Sunday, September 25, 2022 | Safar 28, 1444 H
broken clouds
31°C / 31°C

Insect pest eats into Lebanon’s ‘white gold’ pine nut trade


The scenic region of Mount Lebanon has long produced pine seed, a regional delicacy, but harvests have collapsed amid an exotic insect infestation experts say is accelerated by climate change.

Lebanon, wedged between the mountains and the Mediterranean Sea, is best known for the iconic cedar tree depicted on its national flag — but it also has pine trees that make up nearly 10 per cent of total forest cover.

Pine nuts harvested from their cones — a popular ingredient in Middle Eastern cuisine — have been dubbed “white gold” because of their traditionally lucrative sales, especially to wealthy Gulf states.

But the natural treasure trove is now under attack.

The culprit is the western conifer seed bug, native to the western United States where it is sometimes called the “stink bug”, and which has spread to Eurasia, most likely by hitchhiking on timber shipments.

In the Qsaybeh pine forest east of Beirut, Elias Neaimeh, head of the syndicate of pine seed farmers, pointed to the damage it has caused: the dry, dead trunk of one pine tree, and cones scattered on the forest floor.

In a normal year in the past, Neaimeh said, “I used to produce around 16 tonnes of pine cones, but today I barely harvest 100 kilograms”.

He used to make more than $40,000 a year from selling around 600 kilograms of white pine nuts a year, but now his income has dried up, at a time when Lebanon’s deep economic crisis has plunged millions into poverty.

Heat stress

In Lebanon, farmers started noticing a decline in output in 2012, but it took them three more years to detect the cause.

Entomology expert Nabil Nemer identified the insect as the western conifer seed bug, or WCSB, which pierces cones to suck out sap and developing seeds.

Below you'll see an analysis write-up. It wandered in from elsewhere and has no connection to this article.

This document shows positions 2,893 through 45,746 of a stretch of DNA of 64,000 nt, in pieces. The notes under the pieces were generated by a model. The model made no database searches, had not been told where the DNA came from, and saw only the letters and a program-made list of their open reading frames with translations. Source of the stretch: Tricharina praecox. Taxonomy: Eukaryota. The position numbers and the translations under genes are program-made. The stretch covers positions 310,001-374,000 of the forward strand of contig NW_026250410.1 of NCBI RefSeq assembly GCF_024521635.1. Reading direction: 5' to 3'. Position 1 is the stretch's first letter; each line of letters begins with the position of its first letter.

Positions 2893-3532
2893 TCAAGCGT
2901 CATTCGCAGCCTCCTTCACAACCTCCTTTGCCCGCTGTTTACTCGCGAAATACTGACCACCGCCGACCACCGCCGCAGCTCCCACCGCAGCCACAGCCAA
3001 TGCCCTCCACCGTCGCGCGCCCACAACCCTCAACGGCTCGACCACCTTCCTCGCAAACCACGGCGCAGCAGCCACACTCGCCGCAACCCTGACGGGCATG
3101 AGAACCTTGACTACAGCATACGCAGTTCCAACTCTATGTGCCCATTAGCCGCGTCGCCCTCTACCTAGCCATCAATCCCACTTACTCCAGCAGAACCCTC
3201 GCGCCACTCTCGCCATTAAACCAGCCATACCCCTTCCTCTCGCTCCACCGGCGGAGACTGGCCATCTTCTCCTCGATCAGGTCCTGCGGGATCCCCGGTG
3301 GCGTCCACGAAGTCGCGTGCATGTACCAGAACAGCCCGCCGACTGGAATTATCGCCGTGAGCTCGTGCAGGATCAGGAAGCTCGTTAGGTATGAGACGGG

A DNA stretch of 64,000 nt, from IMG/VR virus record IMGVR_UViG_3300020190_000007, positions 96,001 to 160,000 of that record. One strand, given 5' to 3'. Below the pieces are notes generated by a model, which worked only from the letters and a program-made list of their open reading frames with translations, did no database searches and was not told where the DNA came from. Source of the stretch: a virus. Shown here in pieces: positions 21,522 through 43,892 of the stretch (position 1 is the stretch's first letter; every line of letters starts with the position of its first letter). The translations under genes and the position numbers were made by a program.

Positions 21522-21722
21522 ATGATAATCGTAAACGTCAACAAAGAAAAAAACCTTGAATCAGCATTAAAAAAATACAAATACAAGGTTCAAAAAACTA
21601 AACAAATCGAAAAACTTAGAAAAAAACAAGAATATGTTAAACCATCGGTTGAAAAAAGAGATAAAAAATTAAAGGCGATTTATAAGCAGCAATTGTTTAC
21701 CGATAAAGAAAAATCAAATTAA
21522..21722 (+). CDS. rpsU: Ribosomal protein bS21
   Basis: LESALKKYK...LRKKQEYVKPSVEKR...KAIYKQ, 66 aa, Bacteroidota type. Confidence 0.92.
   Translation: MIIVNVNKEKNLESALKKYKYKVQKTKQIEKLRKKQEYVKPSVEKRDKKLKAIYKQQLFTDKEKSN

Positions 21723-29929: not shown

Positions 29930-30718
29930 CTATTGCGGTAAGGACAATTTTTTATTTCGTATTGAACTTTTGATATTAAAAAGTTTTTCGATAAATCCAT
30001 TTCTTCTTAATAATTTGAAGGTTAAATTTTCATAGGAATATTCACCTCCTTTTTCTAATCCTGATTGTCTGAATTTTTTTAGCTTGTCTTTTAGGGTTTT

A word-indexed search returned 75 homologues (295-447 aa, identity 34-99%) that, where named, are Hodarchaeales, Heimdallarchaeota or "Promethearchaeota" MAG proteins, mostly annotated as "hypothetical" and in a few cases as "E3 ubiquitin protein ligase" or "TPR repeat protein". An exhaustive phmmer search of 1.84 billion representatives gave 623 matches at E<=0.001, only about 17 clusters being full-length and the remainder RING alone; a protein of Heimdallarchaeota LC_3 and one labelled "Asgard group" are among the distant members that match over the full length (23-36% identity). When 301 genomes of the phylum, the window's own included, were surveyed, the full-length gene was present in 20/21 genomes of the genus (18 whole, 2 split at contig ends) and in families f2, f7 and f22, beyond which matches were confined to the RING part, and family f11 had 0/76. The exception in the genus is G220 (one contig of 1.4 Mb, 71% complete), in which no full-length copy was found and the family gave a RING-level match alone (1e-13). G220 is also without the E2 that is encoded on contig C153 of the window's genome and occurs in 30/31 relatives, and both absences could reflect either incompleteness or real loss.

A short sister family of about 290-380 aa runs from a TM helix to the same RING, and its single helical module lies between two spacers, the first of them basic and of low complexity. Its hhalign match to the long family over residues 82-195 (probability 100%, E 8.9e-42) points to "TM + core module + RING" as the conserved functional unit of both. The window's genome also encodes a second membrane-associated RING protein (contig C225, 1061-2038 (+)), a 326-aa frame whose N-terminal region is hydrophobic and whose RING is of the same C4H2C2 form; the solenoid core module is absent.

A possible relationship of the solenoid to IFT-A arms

The insect reached Turkey from Europe in 2010 before arriving in Lebanon, where it has since spread across most conifer forests.

“It is very harmful’’, Nemer told AFP of the pest that attacks pines, cedars and cypresses.

“We noticed that sometimes up to 10 insects feed on a single cone’’, said Nemer, a professor at the Holy Spirit University of Kaslik.

“When they infest small developing cones, the cones wither completely and fall to the ground.”

Nemer said climate change is creating a favourable environment for the insects.

“Higher temperatures and less precipitation extends the life cycle of insects and also weakens trees’’, he said.

The bugs’ infestation is compounded by the absence of its natural predators native to the United States, he said.

Many farmers have turned to pesticides, but Nemer warned that chemicals “could cause problems for exports and food safety”.

Back in Qsaybeh, Neaimeh said that pesticides had allowed for a temporary and modest recovery in 2016 and 2017.

“There was a 30 percent decrease in the number of infested cones’’, he said, bringing some relief from an infestation rate of 85-90 per cent.

But in the absence of a centralised pest control policy, many forests remain neglected, further devastating output.

“Today we produce no more than 200 tonnes of pine nuts annually across all of Lebanon’’, down from 1,200 tonnes before 2015, Neaimeh said.

This, in turn, has caused prices to skyrocket, with one kilogram (2.2 pounds) of pine nuts now selling for more than one million Lebanese pounds ($650) — almost twice the monthly minimum wage. — AFP

arrow up
home icon